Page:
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Community leaders say that what is needed in Miami is more black participation in the political process. If blacks turn out at the polls in low numbers, it affects the community in many ways, none of it good, officials say. And black leaders then appear weak without the clear backing of their constituents.

Few Miami black politicians have the juice to take on the power role that Meek once played. Spence-Jones is one of the few with enough star power, but she is facing bribery and grand-theft charges.

By many accounts, Spence-Jones has done right by her community, bringing much-needed dollars and development. It's perhaps one reason that even as she faced charges of bribery — much of it playing out in the local press — she was still re-elected. Her victory forced Gov. Crist to again suspend her. He had already suspended her before her re-election.

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Nor is she the only black Miami politico to face such charges. In recent years, local black politicians have spent much of their time in office fighting allegations of wrongdoing. One of the most notorious cases of alleged corruption was that of Miami-Dade Commissioner Arthur Teele. He committed suicide in July 2005, after an investigation and trial led then-Gov. Jeb Bush to remove him from office.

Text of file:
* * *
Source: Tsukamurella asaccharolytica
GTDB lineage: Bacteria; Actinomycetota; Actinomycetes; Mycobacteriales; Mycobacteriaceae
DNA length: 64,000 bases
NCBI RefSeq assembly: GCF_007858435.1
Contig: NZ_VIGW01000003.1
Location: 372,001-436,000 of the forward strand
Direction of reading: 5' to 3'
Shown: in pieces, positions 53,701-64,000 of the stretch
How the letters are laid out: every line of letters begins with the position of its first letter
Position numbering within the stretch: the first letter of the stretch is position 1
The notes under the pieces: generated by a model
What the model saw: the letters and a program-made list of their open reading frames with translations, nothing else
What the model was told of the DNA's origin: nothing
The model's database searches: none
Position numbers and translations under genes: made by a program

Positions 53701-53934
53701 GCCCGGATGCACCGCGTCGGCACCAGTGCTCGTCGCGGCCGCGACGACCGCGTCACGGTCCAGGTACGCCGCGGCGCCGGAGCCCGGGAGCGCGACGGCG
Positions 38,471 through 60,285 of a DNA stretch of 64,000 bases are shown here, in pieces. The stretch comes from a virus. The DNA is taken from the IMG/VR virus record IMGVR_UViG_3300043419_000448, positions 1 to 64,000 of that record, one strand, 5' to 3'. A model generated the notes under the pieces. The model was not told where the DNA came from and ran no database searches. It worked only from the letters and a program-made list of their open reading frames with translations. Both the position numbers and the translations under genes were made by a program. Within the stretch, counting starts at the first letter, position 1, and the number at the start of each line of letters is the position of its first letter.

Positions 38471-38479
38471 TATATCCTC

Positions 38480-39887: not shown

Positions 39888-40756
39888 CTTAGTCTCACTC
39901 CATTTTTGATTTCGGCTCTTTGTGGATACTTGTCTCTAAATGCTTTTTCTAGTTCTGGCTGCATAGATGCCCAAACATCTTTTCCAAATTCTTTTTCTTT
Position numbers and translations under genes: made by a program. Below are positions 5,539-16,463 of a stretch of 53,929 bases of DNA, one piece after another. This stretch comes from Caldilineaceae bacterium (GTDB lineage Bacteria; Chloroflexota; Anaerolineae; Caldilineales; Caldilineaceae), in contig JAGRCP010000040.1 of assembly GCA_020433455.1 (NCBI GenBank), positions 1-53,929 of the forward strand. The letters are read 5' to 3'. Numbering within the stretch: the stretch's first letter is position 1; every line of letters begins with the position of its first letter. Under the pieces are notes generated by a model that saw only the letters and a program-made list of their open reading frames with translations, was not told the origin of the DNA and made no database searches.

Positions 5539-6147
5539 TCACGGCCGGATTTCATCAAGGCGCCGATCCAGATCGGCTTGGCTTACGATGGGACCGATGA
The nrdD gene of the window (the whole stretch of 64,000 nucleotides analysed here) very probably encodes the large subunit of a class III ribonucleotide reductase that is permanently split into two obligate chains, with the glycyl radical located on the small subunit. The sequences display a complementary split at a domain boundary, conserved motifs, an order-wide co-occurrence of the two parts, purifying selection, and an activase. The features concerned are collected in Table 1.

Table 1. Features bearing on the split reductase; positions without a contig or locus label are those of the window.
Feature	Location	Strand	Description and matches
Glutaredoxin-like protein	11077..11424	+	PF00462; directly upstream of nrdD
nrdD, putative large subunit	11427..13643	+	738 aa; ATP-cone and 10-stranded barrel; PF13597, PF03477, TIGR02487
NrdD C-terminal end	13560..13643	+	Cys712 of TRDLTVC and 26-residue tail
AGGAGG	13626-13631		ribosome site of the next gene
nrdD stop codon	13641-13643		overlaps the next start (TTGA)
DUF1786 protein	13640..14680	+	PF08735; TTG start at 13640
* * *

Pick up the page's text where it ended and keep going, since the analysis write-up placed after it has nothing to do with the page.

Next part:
Teele was convicted of corruption and making threats against a police officer, but the charges were overturned on appeal almost two years after his death.

Reid says the rise of black Republicans is certainly the Miami story that will play out in the years ahead. West has already caused rifts with fellow black politicians in Washington by criticizing the Congressional Black Caucus. Another darling of the Tea Party movement, West is a retired U.S. Army lieutenant colonel. His 22nd Congressional District includes parts of Palm Beach County.

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In an interview with Fox News following his election, West said he would join the CBC despite his misgivings with the group as an organization that promotes welfare programs and dependence on government.

"The Congressional Black Caucus cannot continue to be a monolithic voice that promotes these liberal social welfare policies and programs that are failing in the black community, that are preaching victimization and dependency, that's not the way that we should go," West told Fox News. "And those are not the types of principles that my mother and father raised me with in the inner city of Atlanta."

With Wilson, Carroll and West taking office and the impending trial of Spence-Jones, Florida can expect to have a place of prominence on the national political stage, the good and the bad playing out. If nothing else, the CBC meetings just got interesting.

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Michael Ottey is a freelance editor and writer based in Miami. Follow him on Twitter.